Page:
Some folks might say that Epic solo play is easier since your character gains some rather, well, epic gear. I think the only edge you get is from using the right Epic Destiny as well as strong numbers in your class’s “magic” stat.

After a little study, Kiri’s first pick is Shadowdancer. Improved stealth, some sneak attack, immunity to energy drain, permanent incorporeality, improved invisibility, bonuses to Dodge, a Dominate power–what’s not to like?

Sure, the epic set gear can really help. Kiri’s first priority this weekend was in assembling the Sun Soul set for better defenses and stats, finally retiring my venerable White Dragonscale Robe. That meant a long sojourn in the King’s Forest to find encounters to obtain any commendations to trade for the items.

“The Druid’s Deep” chain I completed earlier helped here since you can run that series and gain 3 commendations of your choice as a chain end-reward, if you’re desperate for more commendations in a relative hurry.

I’ve had a small taste of Underdark Drow from “The Druid’s Curse,” the end-quest of that chain, with a few Drow that appear in an optional cave. It stung a little but Kiri held her own.

But now, it’s finally time to see what Kiri can do against one of the game’s most challenging enemies: the Priestesses of Lolth.

Come Into My Lair, the Spider Says

Drow Priestesses are effectively Clerics with serious backup from their goddess, Lolth. Imagine having your god on speed-dial.

From Divine Punishment, Inflict Wounds, Cometfall, Hold Monster–the Priestess alone can hurt you fast and badly if left alone.

What’s worse about the Priestess is her special regenerative ability. Priestesses are rarely solitary with many lesser Drow at her beck and call. Should her health fall to a critical level and provided she is not Helpless, she’ll leech on the nearest humanoid and then go all Super Saiyan on you with her infamous 30-second Favored of the Goddess power-up: “Having performed a sacrifice to the Goddess, you have increased spell damage, greatly improved resistances to incoming damage, and an incredible boost to spell resistance.”

Typically, to kill a Priestess, you must kill her minions. Should she happen to have hostages or slaves, she’ll eat them, too, if they’re close by.

But I have not had the honor, the privilege of introducing those nasty spider-worshippers to the power of Ninja Poison at full strength as opposed to the slower- or no-dosing that the ninjas Szyncletica the star-thrower or the unarmed Ryncletica could do.

I didn’t know if the Priestess’s spider-style could shrug off all the damage-over-time stacks I can deliver from Kiri’s Viper Style (Freezing the Lifeblood to paralyze with three+ hits of Poisoned Soul Ninjutsu using Envenomed Blades to magnify damage) with her regenerative ability. So far, nothing I’ve killed has the capacity to remove poison from itself that I could note in the heat of battle. That’s likely a game mechanic as NPCs don’t seem to care about using Panacea or related remove-poison effects. And will her Favored of the Goddess status help against the unrelenting power of poisoning?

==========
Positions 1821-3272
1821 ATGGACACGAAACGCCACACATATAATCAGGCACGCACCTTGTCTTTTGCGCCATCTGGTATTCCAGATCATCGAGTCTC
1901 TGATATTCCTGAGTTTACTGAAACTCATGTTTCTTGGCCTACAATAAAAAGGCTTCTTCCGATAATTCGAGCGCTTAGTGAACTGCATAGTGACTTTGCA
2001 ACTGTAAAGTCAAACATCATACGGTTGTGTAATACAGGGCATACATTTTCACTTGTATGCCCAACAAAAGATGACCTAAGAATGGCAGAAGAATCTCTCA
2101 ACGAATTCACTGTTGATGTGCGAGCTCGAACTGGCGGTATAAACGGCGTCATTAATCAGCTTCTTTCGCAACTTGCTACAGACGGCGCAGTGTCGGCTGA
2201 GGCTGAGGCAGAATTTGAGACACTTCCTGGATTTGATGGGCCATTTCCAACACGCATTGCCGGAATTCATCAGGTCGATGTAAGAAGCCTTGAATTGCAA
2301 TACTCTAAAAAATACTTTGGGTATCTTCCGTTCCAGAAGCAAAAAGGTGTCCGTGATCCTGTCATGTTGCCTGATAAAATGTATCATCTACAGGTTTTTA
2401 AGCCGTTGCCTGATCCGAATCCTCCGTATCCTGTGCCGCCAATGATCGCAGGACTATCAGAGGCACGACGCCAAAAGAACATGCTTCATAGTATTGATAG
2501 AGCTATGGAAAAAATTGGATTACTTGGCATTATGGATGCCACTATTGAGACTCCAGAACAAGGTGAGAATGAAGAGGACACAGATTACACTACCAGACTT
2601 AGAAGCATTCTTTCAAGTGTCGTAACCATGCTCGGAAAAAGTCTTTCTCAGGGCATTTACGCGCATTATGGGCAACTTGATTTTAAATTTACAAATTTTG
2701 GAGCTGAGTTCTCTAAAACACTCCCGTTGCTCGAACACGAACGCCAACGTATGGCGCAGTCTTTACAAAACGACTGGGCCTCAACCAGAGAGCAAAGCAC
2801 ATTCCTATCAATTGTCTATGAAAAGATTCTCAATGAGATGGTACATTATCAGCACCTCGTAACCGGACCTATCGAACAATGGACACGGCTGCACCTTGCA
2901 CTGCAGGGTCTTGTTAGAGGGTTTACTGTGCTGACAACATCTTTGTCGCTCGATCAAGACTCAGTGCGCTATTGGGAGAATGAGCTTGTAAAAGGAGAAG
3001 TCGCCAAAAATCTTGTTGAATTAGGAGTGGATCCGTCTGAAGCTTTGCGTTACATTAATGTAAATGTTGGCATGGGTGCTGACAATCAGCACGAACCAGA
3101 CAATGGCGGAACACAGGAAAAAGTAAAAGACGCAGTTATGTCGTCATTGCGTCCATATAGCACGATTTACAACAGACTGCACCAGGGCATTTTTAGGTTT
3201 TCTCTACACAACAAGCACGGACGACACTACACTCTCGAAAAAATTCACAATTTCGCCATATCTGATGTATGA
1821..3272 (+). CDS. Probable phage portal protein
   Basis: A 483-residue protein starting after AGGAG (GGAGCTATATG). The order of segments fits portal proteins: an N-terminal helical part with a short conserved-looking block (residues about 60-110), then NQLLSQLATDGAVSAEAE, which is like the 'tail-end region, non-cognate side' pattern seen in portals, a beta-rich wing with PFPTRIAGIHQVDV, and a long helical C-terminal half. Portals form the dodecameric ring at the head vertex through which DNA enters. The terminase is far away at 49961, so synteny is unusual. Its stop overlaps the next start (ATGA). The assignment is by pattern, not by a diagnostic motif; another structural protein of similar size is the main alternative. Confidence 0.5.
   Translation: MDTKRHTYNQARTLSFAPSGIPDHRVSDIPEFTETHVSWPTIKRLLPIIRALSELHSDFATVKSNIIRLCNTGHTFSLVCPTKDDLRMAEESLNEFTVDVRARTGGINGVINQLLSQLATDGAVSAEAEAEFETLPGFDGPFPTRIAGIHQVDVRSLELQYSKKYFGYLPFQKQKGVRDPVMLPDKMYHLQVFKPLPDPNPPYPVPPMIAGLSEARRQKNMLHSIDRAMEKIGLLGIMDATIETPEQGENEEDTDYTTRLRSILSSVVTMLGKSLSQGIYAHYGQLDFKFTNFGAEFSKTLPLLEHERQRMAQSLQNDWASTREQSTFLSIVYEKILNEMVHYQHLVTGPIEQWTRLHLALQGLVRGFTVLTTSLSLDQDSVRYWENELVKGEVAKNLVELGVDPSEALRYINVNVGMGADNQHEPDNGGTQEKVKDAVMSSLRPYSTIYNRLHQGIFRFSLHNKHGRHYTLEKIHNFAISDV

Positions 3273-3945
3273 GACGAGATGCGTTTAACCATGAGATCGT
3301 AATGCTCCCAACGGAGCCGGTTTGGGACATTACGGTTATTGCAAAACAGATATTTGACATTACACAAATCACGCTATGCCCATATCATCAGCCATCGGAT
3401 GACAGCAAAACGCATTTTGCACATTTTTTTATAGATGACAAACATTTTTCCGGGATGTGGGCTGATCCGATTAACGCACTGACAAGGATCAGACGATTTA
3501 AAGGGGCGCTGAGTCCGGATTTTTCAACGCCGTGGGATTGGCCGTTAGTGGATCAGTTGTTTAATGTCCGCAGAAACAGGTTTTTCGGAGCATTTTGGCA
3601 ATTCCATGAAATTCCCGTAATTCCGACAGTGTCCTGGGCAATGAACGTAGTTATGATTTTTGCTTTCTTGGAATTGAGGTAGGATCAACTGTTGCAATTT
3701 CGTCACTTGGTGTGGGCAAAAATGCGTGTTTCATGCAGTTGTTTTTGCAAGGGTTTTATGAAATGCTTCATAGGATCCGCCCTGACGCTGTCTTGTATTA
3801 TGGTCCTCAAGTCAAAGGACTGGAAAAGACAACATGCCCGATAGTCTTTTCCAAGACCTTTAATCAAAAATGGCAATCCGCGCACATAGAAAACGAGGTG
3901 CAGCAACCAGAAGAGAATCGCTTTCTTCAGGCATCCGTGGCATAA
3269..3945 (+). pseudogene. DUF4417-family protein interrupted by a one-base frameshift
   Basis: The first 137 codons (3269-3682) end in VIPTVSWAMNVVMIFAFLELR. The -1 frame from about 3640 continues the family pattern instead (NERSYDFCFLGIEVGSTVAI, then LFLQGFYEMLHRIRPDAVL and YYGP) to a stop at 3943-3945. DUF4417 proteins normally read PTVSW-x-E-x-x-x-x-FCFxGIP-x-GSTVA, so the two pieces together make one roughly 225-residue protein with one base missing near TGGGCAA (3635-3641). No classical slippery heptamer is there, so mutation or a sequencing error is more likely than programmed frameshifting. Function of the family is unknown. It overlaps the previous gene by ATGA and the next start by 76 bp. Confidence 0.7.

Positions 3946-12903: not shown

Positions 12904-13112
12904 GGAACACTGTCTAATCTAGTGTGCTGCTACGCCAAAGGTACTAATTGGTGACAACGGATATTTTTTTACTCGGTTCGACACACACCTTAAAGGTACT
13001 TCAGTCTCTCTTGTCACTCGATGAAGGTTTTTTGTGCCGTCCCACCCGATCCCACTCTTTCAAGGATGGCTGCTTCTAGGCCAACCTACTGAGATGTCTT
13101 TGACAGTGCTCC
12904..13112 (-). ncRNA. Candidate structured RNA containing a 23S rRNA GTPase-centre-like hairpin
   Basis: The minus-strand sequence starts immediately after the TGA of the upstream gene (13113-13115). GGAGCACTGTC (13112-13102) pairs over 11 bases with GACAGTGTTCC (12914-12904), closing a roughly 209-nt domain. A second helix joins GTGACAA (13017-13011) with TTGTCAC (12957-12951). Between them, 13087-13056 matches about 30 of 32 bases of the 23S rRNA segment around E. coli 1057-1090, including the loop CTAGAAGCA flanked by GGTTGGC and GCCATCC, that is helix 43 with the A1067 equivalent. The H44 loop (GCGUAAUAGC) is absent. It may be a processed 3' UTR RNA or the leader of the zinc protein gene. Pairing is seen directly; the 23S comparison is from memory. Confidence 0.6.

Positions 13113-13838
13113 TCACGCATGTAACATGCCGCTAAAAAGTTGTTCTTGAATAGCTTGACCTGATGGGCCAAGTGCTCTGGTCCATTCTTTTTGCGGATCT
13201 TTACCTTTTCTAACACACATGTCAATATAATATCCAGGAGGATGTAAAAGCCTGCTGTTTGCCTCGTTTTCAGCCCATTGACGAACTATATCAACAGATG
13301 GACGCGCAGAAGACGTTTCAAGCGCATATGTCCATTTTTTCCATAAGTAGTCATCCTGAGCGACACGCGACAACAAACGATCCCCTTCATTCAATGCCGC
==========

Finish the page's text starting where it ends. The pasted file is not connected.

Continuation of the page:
There was also the matter of trying to make the Priestess quite helpless so she cannot regenerate. A common solution for unarmed Monks is to stun Priestesses silly and load up the damage, stunning again before she can recover if possible.

Kiri had a better idea, using Freezing the Lifeblood to hold down the Priestess much longer than stuns or normal paralysis since it requires a Fortitude save to escape, not Will (which a Priestess, a high WIS enemy, should shake off). Provided Kiri’s not fighting a Red-Named Priestess, taking down the lesser varieties should work well.

But even for the Red-Named kind that cannot be paralyzed, like Priestess Vicala Szind in “Impossible Demands,” Kiri should be able to use Viper Style for 200+ dots and then switch to Poison Exploit for a quick rip of the poison sac before she might regenerate. At what point she regenerates is the question I can’t remember. At 25%, maybe?

And Kiri’s blades, as a Ninja Master, now are Vorpal weapons with greater critical hit and damage modifiers. She’s the first character that uses shortswords almost exclusively (save oozes and maybe a wisp or two), so higher damage is important.

Legendary Damage

While Shadowdancer will be Kiri’s first destiny, Legendary Dreadnought may be her second school, skipping over Grandmaster of Flowers until after LD is trained. Epic play will have epic fighting so Kiri’s stealth will only go so far before a CR30 trash mob will end her without a good counterattack. The defenses, weapon attacks and action boosts will be critical to Kiri’s survival as she grows.

Impossible Demands

After much adventuring in the King’s Forest, finding all the journals and slaying 750 enemies (plus a side quest or two in Eveningstar), I reached level 21, had my full Sun Soul attire, added a Drow Piawfi, pulled out a Drow Shortsword of the Weapon Master just to see what it could do. My WIS was 38 in Ocean Stance, not bad at all to ensure that a Freezing finisher works on EH.

A few close fights in the Forest made me realize that I shouldn’t stay in Ocean Stance all the time. I’d gotten used to it since passive ki regeneration works best from being in Sneak while in that stance. Earth Stance, however, offers maximum AC with Combat Expertise up (bringing her AC to 90 with 15 PRR) and Wind Stance offers 10% Doublestrike and 15% melee speed increase (going to 110% Doublestrike for 6 seconds using one ninja ability, Shadow Double). With the Vestments of the Sun Soul equipped, its Enhanced Ki now provided more than enough ki during any fight to not require continual use of Ocean Stance.